Wing Chun or Northern Style Praying Mantis- ???

lhall13

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Hey everyone,

I'm a current student of the Mike Foster Yoshukai Karate and I am wanting to branch towards a Chinese style of martial arts in a few years. I'm not someone that just jumps into something without some serious consideration and after looking around in my area I came across to Grandmasters each of their respective styles. There is Grandmaster Lee Swift and Grandmaster Pui Chan. Grandmaster Swift teaches Wing Chun and claims his lineage to the sons of Yip Man. Then there is also Grandmaster Pui Chan who teaches Northern Style Praying Mantis and claims lineage to Grandmaster Lee Kwan Shan. My confusion lies in my lack of understanding to Chinese martial arts. Whats the main differences between the two mentioned styles? I'm trying to find something that would be a good addition to my martial arts training. I only want to train in the Yoshukai Karate and a Chinese martial arts- any advice would be fantastic!


LDH
 

clfsean

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Nutshell... broad wide ranging strokes...

Wing Chun... Rent the movie Ip Man. Short, stand up, basic ideas, complex training for maximum efficiency. I'm not a WC guy.

Praying Mantis... Not Wing Chun. Wah Lum Mantis is long ranged in striking & kicking. I've studied PM before.

In both cases, it's easy to get lose sight of the forest due to trees. Know what I mean? Biggest question... what do you want?
 

WC_lun

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This is a generalization, but it is usually on the mark. Southern or short arm styles, which Wing Chun is one of, mainly concentrate on the hands and use narrower stances. Northern styles tend to have wider stances, include more kicks, and have more twisting motions. There are good teachers of each type and there are frauds as well. Check out the schools before you make a decision.
 

seasoned

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(Northern styles emphasize more kicking techniques for long range fighting, while southern stylists specialize in more hand techniques and a limited number of low kicks. This is why it is commonly said "Southern fist and Northern leg", in Chinese martial arts society). Taken from Dr. Yang, Jwing-Ming's book "The Essence of Shaolin White crane". It has a lot to do with the cultural back ground of each region, as to how their martial arts progress.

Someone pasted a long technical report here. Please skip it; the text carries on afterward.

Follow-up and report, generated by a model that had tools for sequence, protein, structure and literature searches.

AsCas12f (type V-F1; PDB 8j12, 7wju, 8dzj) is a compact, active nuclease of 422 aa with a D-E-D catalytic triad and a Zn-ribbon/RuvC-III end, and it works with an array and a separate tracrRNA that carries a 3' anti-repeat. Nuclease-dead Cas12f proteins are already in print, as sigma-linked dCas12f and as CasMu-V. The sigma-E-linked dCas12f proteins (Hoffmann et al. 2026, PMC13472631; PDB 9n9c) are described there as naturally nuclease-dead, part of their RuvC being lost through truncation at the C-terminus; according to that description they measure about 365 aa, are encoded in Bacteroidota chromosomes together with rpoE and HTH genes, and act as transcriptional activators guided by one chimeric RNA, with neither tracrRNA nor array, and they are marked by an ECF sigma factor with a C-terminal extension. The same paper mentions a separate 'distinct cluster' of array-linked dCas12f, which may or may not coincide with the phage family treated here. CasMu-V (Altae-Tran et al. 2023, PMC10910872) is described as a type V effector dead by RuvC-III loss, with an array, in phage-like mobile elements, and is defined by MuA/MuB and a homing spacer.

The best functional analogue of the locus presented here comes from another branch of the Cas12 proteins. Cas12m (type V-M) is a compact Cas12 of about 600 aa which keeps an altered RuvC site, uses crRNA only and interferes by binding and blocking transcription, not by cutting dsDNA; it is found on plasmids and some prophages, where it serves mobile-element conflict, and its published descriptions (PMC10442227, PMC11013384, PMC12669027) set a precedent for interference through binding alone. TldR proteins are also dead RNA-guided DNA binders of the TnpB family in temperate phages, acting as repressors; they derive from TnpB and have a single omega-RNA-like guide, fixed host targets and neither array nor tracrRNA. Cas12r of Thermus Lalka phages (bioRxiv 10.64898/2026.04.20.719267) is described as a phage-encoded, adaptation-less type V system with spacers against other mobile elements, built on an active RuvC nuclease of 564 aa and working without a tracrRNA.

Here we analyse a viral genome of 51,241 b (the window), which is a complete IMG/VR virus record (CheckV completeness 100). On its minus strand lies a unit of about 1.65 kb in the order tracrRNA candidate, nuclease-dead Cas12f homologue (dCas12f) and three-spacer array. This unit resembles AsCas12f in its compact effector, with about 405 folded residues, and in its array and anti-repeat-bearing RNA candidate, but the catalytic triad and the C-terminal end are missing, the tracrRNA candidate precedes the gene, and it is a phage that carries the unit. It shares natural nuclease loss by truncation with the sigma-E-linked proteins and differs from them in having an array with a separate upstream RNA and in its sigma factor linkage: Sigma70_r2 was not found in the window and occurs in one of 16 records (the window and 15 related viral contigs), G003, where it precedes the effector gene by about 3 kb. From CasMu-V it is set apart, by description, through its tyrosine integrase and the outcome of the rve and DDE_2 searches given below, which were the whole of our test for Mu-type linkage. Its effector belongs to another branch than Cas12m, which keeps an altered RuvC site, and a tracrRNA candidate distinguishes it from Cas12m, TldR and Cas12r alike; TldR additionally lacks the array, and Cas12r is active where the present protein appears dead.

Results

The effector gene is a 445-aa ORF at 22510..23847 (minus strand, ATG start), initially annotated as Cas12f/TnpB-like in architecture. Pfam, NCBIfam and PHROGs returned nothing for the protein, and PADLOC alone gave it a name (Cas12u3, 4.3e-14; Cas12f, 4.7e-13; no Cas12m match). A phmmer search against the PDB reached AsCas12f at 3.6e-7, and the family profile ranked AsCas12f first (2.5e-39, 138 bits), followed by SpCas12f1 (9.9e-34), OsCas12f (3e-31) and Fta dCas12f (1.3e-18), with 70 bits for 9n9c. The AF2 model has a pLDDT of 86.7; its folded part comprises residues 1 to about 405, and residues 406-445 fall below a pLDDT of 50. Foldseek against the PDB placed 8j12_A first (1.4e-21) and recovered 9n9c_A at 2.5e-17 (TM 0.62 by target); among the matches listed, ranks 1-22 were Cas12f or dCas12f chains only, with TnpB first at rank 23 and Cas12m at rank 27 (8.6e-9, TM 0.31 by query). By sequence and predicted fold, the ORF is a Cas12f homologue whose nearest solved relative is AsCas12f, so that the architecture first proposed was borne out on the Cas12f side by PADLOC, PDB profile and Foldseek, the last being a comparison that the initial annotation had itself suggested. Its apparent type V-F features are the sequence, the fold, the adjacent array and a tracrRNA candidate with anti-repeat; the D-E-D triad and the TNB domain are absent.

Eric_H

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Do the mantis, WC requires a listening ability that most karate practitioners find difficult in my experience.
 

ilhe4e12345

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I actually study both 7 Star Praying Mantis and Wing Chun. I am only a first level Sash in WC and half way to black belt in mantis and ill tell you...the styles are completely different. It depends on what you are looking for in a chinese martial art. I love mantis for its devestation kicks, twisting and "popping" strikes. Its brutal and you learn a lot of interesting kick and hand attacks plus the forms are beautiful.

Wing Chun is short, simple devastating but very complex in its simple movements. I have only just recently "completed" the first firom in the IP Man lineage of WC and watching it you almost laugh at how simple it is...but then your teacher will show you the applications and in the first movement alone my eyes were opened......

both are amazing, both are great and beautiful styles but both are different....